A faithfully adapted graphic-novel retelling of the first Printz Award winner.
If ever a novel lent itself to a graphic adaptation, it is Monster (1999). Written in a screenplay format interspersed with first-person journal entries, it practically adapts itself into a visual presentation. Fortunately Sims and Anyabwile are smart enough not to mess with a good thing, and they stick closely to the original to tell the story of New York teenager Steve Harmon’s trial for felony murder. Myers’ admirers will be pleased to see much of the original dialogue and narration preserved, though neatly edited in places to keep the pace brisk. Meanwhile, Anyabwile’s black-and-white illustrations do more than simply interpret the original’s camera directions and descriptions. They also add subtle layers to the courtroom accounts and journal entries, all while maintaining the narrative suspense and ambiguity that’s made this story linger with a generation of readers. It’s not any clearer in this version what role Steve truly might have played in the crime. Black gutters between panels and heavy shading create an appropriately oppressive atmosphere. Though the overall effect can be muddy, it generally suits the darkness of the story and the bold lines of Anyabwile’s figures.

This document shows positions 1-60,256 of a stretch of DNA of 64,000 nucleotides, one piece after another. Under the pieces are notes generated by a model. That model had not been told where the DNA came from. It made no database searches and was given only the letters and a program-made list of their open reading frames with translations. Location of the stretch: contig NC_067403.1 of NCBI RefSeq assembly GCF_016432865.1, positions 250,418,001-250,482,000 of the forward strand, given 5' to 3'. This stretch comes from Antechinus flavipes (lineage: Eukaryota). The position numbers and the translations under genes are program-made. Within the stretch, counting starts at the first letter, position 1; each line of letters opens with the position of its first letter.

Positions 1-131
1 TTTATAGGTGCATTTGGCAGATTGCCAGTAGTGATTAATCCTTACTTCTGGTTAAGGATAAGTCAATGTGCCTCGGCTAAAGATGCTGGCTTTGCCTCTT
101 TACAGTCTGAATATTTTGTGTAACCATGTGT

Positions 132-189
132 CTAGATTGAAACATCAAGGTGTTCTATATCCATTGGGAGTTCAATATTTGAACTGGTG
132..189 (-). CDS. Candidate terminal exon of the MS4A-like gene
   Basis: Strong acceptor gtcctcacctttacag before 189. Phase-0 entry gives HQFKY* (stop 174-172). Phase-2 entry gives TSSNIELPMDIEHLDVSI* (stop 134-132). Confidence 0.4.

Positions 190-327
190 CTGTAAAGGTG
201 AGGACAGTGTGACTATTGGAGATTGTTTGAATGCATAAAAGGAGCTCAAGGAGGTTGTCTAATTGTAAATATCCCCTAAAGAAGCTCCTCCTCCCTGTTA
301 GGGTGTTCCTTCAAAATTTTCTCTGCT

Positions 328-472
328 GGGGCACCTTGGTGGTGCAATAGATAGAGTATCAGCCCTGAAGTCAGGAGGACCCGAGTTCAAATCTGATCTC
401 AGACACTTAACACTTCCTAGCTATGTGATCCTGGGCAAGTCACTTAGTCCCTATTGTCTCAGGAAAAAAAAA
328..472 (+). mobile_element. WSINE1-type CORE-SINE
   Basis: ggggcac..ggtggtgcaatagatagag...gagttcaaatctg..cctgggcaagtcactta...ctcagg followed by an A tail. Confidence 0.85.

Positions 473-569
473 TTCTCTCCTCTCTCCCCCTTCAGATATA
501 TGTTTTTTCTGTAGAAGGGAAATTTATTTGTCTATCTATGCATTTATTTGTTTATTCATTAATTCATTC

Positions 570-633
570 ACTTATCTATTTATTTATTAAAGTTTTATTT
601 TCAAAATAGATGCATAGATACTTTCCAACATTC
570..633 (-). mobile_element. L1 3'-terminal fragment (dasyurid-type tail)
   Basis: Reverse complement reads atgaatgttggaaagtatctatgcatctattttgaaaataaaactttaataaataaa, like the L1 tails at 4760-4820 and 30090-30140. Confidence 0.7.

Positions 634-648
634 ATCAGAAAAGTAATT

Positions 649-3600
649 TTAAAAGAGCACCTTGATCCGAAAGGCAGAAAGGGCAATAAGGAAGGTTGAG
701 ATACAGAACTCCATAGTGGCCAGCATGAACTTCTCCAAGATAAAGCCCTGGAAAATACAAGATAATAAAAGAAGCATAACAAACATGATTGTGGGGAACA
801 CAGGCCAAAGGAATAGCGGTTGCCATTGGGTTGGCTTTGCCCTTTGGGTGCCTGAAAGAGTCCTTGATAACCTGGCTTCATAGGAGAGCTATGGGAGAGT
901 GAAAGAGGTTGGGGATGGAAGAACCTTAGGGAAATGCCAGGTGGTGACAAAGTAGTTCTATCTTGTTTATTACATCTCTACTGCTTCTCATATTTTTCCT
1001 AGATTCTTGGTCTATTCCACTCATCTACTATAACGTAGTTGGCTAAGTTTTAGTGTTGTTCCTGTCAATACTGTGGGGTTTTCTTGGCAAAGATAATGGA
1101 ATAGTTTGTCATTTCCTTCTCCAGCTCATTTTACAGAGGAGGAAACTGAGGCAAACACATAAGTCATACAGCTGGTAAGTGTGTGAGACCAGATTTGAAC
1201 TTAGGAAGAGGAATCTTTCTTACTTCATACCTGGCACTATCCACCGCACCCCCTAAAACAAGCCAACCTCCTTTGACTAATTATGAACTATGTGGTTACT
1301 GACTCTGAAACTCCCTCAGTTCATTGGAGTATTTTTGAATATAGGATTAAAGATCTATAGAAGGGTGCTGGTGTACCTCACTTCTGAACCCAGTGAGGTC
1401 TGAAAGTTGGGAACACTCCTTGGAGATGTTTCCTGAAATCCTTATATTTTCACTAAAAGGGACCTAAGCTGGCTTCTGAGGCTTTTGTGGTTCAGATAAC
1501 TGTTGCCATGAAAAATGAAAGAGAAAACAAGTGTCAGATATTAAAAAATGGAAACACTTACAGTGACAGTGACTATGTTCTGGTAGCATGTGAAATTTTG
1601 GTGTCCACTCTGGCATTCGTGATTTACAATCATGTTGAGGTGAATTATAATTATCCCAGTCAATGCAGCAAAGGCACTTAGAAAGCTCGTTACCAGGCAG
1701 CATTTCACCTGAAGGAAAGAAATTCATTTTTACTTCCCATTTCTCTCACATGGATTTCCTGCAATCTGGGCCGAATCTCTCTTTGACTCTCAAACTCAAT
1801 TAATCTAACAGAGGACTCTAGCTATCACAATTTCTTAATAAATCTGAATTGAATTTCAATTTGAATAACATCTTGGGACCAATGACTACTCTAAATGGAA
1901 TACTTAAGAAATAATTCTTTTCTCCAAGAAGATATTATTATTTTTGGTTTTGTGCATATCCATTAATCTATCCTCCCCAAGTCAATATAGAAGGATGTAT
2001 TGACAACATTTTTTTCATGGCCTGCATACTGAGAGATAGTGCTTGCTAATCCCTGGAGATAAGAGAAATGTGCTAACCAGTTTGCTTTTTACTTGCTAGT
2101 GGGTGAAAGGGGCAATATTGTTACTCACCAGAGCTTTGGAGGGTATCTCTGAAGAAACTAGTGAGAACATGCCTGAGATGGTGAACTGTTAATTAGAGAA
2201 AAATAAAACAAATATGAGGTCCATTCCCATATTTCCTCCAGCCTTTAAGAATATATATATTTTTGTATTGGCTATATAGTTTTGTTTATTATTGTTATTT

It’s not easy for an adaptation to please both old and new readers, but this respectful one pulls off that trick. (Graphic adaptation. 13 & up)